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Win by a Nose, Lose by a Nose
by David & Lorrie Goldsmith

Permission for reprint given to Keynote Resources

Have you ever focused on something so intensely that your senses seem to shut off? Imagine being a jockey at the helm of a Belmont Stakes contender. Your horse is breathing hard, but you barely notice it. Your body is rocking in tune with the flow of the horse's gait, but you hardly feel it. The resounding cheers of 120,000 screaming spectators are muffled at best, if not completely blotted out altogether. Your focus is on the white finish line, and making sure that your horse's nose cuts over it before anyone else's. A new "challenge" approaches…a stately competitor has inched its way to your shoulder. Now you can see its whole head. The white line looms closer and larger. Can your horse hold out its lead to the finish? Both cross the line. The winner will have to be determined by photo finish. A difference of less than one centimeter separates you and the other guy from the $1 million prize. Did you win or lose by a nose?

Real life isn't always that exciting or dramatic, but real life mimics this "win by a nose, lose by a nose" competition all the time. Consider this. If you're firm is attempting to secure a sale and you lose, what do you lose? EVERTHING. If you win, you win several times over. First you win the order and you get to benefit from the time trying to secure the sale and then you win the added benefit of profits. Your competitors lose not only the sale, but they lose profits and opportunity costs associated with the efforts. Profits have to pay for the lost efforts used to secure the sale.

Let's say your firm generates 300 quotes a year and you win about one third or 100 projects a year. Closer evaluation might show you lost 14% due to late submissions, 17% due to plus or minus 1% of the asking price, and 11% due to not having a 24-hour hot line. Contemplate what your business would look like if you jumped from 100 orders a year to 146 orders just by fixing these small issues and winning by a nose. Perhaps the jump would go from $32 million to $47 million just by evaluating win-by-a-nose strategies. Our clients say they most likely would have to turn away business. Would you?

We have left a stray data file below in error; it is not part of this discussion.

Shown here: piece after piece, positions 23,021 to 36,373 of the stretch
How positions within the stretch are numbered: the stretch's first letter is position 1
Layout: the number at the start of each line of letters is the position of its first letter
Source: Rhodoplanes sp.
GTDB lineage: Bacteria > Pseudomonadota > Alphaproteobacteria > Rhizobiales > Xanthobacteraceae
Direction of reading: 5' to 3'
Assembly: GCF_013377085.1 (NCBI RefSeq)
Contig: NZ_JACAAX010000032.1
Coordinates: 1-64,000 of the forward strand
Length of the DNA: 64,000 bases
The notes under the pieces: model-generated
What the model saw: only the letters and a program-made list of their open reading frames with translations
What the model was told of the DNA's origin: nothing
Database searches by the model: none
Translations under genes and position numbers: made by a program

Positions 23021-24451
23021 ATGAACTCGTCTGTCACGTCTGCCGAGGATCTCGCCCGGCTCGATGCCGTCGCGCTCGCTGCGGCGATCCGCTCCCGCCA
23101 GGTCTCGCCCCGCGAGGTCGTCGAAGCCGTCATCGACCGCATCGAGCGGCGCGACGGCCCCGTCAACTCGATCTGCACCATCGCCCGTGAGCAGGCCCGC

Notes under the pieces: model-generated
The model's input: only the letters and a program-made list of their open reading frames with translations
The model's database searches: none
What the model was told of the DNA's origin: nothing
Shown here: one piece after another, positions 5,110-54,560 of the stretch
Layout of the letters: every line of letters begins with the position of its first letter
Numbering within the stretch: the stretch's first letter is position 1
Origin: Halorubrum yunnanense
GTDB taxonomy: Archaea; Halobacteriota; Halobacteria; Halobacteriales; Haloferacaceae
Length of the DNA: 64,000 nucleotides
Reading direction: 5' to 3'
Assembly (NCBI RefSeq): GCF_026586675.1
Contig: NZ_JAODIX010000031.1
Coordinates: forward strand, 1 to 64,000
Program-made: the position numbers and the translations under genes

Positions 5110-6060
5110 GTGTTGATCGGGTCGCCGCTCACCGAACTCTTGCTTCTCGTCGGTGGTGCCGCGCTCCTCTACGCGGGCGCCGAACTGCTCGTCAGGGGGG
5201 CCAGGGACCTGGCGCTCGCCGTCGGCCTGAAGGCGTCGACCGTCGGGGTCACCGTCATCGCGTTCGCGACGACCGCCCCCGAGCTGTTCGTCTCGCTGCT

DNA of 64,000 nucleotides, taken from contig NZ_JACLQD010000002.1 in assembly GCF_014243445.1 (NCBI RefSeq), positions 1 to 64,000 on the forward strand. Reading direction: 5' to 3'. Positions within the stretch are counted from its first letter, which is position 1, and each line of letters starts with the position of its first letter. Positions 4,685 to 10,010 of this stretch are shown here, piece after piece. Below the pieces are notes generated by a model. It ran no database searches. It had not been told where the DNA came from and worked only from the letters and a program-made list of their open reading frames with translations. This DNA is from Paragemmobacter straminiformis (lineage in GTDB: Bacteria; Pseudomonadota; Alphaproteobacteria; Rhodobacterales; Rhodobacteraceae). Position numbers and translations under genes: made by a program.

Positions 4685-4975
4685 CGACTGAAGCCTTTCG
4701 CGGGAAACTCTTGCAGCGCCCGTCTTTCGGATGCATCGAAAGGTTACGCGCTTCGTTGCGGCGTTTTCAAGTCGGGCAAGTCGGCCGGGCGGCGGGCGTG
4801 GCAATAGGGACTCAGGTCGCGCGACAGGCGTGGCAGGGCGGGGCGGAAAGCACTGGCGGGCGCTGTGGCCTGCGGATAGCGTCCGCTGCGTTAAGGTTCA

If we used the concept, "win by a nose, lose by a nose" to the military, then decisions and actions are much more evident. What happens if you lose by a nose-a split second? You die. Business would be much more productive if the consequences were as severe.

The great thing about this strategy: you don't need to be 10 times better than your competition to win, do you? You just need to be a nose.

Minor adjustments can make the difference between having everything you want and watching other people have it instead. Sometimes being aware of just how close you really are makes a world of difference, too. Other times, doing the same thing, but changing the timing reaps big rewards.

A simple example is how you might pay off a business loan or a mortgage. Say you have $200,000 to pay off on a 30-year loan. You can make one lump payment each month, and in 30 years, you're done. Or, you can cut the amount in half and make two payments a month. In 22 years, you're free and clear. Tack on another $100 per month, and you might get out from under the loan in 18 years. Think of what twelve extra years of retirement savings or $80,000 can do to the quality of your life. In essence you've won by a nose with a simple planning strategy.

If you're in management, there are plenty of ways you can adjust and tweak what you do to win by a nose. You can make your own list of win-by-a-nose strategies. The possibilities are endless, really. Here are 4 things you should consider to get started:
  1. Know your ultimate customer: What do your customers look like? Why are they buying? What buying patterns best suit their ways of business? We recently talked with a manager in a $25m hydraulics and fluid company. Years ago, they would sell to OEM manufacturers. Over the course of 20 years, the customer base changed. Some left the area, some relocated to other countries, others went out of business. Order sizes changed. The supplier had to shift its ultimate customer and now has a client base of smaller companies requiring smaller orders. It has had to adjust the way it manufactures and delivers product, as well as the way it services customers. How about your firm? Do you need to provide more service techs in closer proximity to your buyers? Might you need better access to local engineer teams? Are you offering competitive enough financing options to buyers? And as always, do you offer a better product than the next competitor? What are you doing to win by a nose?